3.6. Thermal Analysis

The thermogravimetric technique was used to determine the thermal stability of chitosan and its derivatives. This method also provides valuable information about the structures of the obtained chitosan derivatives and confirms successful chitosan modification.
The TGA and DTG curves recorded for the tested compounds are shown in Figure 10. The initial weight losses are associated with the evaporation of physically adsorbed water molecules, and in all samples these range from 6% to 12% at 100 °C. The main degradation stage for native chitosan began at about 242 °C and achieved a maximal thermal decomposition rate at 269 °C. The weight loss of this step was approximately 71% (Figure 10a).
The course of DCT’s thermal degradation differs significantly from unmodified chitosan. Systematic weight loss during sample heating up to about 300 °C can be observed. Initially (i.e., at lower temperatures), this is associated with the evaporation of water and then with the gradual decomposition of macromolecules. The main decomposition peak occurs at 313 °C (at this temperature, the rate reaches the highest value among the 3 tested samples of 2.7%/°C).
In the CMC sample, the main thermal transformation occurs at 276 °C, with a 1.2%/°C degradation rate. The shape of TG is also different (as in DCT) than that of chitosan alone, which clearly proves the successful chemical modification of chitosan. Notably, the carbon residue measured at 600 °C is about 10% higher in both modified samples than in pure chitosan. This may be due to the ability to form stable cross-linked structures formed during the heating of DCT and CMC due to the presence of carbonyl groups, which are absent in the initial chitosan.

3.7. Iron and Turbidity Removal Evaluation

A flocculation test procedure, called the jar test, determines how much flocculants need to be added to a contaminated medium to induce floc formation. The flocculation capability of bio-based materials was specified in a series of jar tests. The experiments were carried out to simulate practical standards. The WTP in Kutno uses the technology of a continuous sand filter, in which the filter bed rinsing process takes place in parallel with filtration. Continuously generated backwash water constitutes nearly 15% of the total treated water. To minimize water losses, the FBW undergoes a purification process, in which after the sedimentation on the lamellar settling tank, it is returned to the beginning of the water treatment system, where it mixes with oxygenated raw water directed to the filters. The purification process starts with the addition of an electrolyte in the form of polyaluminum chloride (PAC) with an amount of 1 mgAl3+/L, causing the destabilization of colloidal particles suspended in FBW. Next, a polymeric flocculant is dosed to form well-defined flocs that settle out from the water. The jar test experiments were designed to reflect this real scale conditions, as illustrated in Figure 11.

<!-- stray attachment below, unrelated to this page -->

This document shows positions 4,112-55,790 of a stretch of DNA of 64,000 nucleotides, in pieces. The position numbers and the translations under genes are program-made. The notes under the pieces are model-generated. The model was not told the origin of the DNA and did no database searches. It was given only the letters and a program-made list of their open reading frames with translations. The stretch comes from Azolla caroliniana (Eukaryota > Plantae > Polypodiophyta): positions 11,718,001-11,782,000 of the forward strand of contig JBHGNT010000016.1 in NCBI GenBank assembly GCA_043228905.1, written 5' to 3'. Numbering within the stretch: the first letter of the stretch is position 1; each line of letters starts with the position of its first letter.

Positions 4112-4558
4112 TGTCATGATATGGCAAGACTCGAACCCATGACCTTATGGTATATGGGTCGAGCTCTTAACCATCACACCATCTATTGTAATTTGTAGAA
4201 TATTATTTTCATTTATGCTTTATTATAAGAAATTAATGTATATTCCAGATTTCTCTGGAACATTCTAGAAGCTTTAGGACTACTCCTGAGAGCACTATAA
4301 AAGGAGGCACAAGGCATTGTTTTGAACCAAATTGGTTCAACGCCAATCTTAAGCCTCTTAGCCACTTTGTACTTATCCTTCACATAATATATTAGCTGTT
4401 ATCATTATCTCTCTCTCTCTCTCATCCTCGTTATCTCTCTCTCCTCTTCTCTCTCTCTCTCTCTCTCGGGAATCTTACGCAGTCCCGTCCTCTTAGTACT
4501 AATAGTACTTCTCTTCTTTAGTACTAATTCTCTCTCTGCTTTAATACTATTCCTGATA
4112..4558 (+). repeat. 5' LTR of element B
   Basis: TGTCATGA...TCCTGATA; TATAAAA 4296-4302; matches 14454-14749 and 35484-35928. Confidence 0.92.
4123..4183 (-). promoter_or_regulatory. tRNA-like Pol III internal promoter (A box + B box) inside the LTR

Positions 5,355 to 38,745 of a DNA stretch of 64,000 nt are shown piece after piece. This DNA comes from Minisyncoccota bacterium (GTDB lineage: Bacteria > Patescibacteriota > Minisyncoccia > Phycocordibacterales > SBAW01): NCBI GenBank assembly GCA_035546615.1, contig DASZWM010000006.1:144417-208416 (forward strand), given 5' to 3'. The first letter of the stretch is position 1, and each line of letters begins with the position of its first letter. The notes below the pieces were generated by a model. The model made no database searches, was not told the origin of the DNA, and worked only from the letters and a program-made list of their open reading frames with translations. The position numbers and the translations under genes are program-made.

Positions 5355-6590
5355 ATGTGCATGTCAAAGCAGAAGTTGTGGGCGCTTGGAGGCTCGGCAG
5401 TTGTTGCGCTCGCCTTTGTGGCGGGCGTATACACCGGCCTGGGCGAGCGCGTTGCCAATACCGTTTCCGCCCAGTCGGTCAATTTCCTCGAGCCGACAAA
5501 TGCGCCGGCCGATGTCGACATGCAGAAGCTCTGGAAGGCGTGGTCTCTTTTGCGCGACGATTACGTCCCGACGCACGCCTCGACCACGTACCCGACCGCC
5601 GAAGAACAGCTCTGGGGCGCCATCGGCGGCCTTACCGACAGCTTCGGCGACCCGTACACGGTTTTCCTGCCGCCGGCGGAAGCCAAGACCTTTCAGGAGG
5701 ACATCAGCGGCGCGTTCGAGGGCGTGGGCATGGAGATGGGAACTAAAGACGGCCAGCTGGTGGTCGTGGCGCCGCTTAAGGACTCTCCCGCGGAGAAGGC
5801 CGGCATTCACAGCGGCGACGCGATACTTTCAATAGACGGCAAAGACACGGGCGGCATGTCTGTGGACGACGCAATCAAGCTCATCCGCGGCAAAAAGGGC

The water samples (FBW) were taken directly from the collector pipe that discharges filter backwash water at the WTP in Kutno, Poland. Before the tests, basic FBW parameters were determined (Table 2), and the average iron concentration of 29.59 mg/L and turbidity of 260.33 NTU were used to calculate the flocculation efficiency.